Technical articles


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Copyright ©2000-2007
by Eric Kieboom &
Jacob Poortstra
All Rights Reserved

There's no two ways about it: a Triumph Spitfire is a technical beast. For some of us, that's the main attraction of it. Here are some stories and how-to's about technical subjects.

Spark plugs page

Reading spark plugs is a much underrated means of informing yourself about your car's engine's health. Much can be told from the colour and structure of the deposits or the damage you'll find when you unscrew them and look at their nose. Judiging from the stats, this page has been popular with many owners of petrol engines. Not just Triumph Spitfire or even car engines, but also lawn mowers, snowmobiles, chainsaws, you name it.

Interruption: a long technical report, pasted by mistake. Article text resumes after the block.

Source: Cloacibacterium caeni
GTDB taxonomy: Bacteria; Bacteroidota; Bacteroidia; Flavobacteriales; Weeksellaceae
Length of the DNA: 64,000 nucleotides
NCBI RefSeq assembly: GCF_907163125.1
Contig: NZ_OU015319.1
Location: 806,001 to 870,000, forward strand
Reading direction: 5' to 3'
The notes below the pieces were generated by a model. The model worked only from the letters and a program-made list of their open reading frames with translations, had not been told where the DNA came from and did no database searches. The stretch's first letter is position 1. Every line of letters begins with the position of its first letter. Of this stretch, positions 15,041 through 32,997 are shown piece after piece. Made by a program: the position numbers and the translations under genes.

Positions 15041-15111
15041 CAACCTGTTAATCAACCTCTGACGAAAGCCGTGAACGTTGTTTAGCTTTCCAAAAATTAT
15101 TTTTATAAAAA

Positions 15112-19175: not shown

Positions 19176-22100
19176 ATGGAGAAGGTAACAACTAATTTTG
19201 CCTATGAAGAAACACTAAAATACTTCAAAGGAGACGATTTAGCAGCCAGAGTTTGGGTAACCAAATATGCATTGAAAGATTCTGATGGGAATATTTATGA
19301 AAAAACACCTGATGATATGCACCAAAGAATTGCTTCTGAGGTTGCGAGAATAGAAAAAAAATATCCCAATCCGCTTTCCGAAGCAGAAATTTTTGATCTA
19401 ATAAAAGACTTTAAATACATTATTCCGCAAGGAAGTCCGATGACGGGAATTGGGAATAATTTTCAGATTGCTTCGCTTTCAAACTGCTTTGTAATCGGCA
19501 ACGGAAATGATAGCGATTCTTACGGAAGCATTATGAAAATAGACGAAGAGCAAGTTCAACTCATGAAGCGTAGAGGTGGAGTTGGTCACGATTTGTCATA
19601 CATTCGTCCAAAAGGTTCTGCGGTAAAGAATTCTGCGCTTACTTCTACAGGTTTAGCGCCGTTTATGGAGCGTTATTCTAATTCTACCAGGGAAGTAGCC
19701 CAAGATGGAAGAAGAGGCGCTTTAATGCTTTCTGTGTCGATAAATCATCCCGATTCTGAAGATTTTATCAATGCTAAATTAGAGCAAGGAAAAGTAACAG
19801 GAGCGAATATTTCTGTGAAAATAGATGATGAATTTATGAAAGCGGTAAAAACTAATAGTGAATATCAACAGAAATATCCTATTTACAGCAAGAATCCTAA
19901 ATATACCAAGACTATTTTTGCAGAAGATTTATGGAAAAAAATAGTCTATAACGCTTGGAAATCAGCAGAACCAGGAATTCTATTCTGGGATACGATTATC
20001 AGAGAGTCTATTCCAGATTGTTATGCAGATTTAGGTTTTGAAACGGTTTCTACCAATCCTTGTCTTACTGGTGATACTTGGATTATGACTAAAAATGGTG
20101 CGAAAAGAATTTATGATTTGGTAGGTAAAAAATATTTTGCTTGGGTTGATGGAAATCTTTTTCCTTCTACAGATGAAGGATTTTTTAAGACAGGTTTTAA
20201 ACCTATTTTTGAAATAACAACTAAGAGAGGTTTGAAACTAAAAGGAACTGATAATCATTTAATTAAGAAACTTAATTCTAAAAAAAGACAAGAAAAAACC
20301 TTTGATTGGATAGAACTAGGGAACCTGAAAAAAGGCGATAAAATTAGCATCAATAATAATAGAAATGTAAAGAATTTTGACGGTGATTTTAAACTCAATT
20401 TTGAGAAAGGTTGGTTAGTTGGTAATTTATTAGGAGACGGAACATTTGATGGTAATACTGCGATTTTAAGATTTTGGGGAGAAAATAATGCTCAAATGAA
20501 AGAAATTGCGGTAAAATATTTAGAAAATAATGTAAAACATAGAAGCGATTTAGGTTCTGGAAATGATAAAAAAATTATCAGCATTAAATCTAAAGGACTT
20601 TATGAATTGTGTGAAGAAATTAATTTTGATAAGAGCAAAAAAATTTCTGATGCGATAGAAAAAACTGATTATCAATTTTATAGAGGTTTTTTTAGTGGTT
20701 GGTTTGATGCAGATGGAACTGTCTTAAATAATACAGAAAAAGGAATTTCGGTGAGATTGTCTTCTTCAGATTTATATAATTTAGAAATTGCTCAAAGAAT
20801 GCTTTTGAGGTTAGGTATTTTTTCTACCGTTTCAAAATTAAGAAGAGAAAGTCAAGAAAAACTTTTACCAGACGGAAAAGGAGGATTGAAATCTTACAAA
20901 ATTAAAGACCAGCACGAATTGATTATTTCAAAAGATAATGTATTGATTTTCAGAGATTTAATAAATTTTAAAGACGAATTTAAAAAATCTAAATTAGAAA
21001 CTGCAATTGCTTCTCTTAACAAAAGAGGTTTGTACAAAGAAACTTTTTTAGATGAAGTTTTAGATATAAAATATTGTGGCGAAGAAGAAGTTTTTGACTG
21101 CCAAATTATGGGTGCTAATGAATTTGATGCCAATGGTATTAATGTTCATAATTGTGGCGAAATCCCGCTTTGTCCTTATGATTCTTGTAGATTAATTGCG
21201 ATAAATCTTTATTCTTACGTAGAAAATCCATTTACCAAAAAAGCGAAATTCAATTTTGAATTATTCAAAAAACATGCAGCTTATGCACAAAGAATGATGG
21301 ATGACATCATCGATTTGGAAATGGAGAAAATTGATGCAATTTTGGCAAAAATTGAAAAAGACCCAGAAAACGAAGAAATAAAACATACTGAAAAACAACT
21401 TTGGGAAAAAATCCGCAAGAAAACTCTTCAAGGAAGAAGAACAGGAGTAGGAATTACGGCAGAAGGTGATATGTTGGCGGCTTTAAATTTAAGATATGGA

Storing your hard top

Triumph Spitfire hardtops, especially of the later, angular steel version that was found on MkIV's and 1500's, are heavy and unwieldy things. These days they're hardly used by most Spitfire owners, it's just a nice accessory to have. But where to put it if you have one? I say hang 'em high - and here's how. This method might also be useful for owners of Triumph TR6 and Stag hardtops.

 Fixing a rear transverse leaf spring

The transverse rear leaf spring on Triumph Spitfires can be a source of endless head scratching, pub discussions and general misunderstanding. The rear of a well-travelled Spitfire may be sagging, or the front may seem to be pointing upwards. Most of this can be traced back to the rear transverse leaf spring. A saggy bottom is nothing to worry about and in most cases it's not even a reason to replace the rear spring. There's another way to tackle this. It's cheaper and just as good as replacing the spring pack with a new or retempered one - this may even be a better way.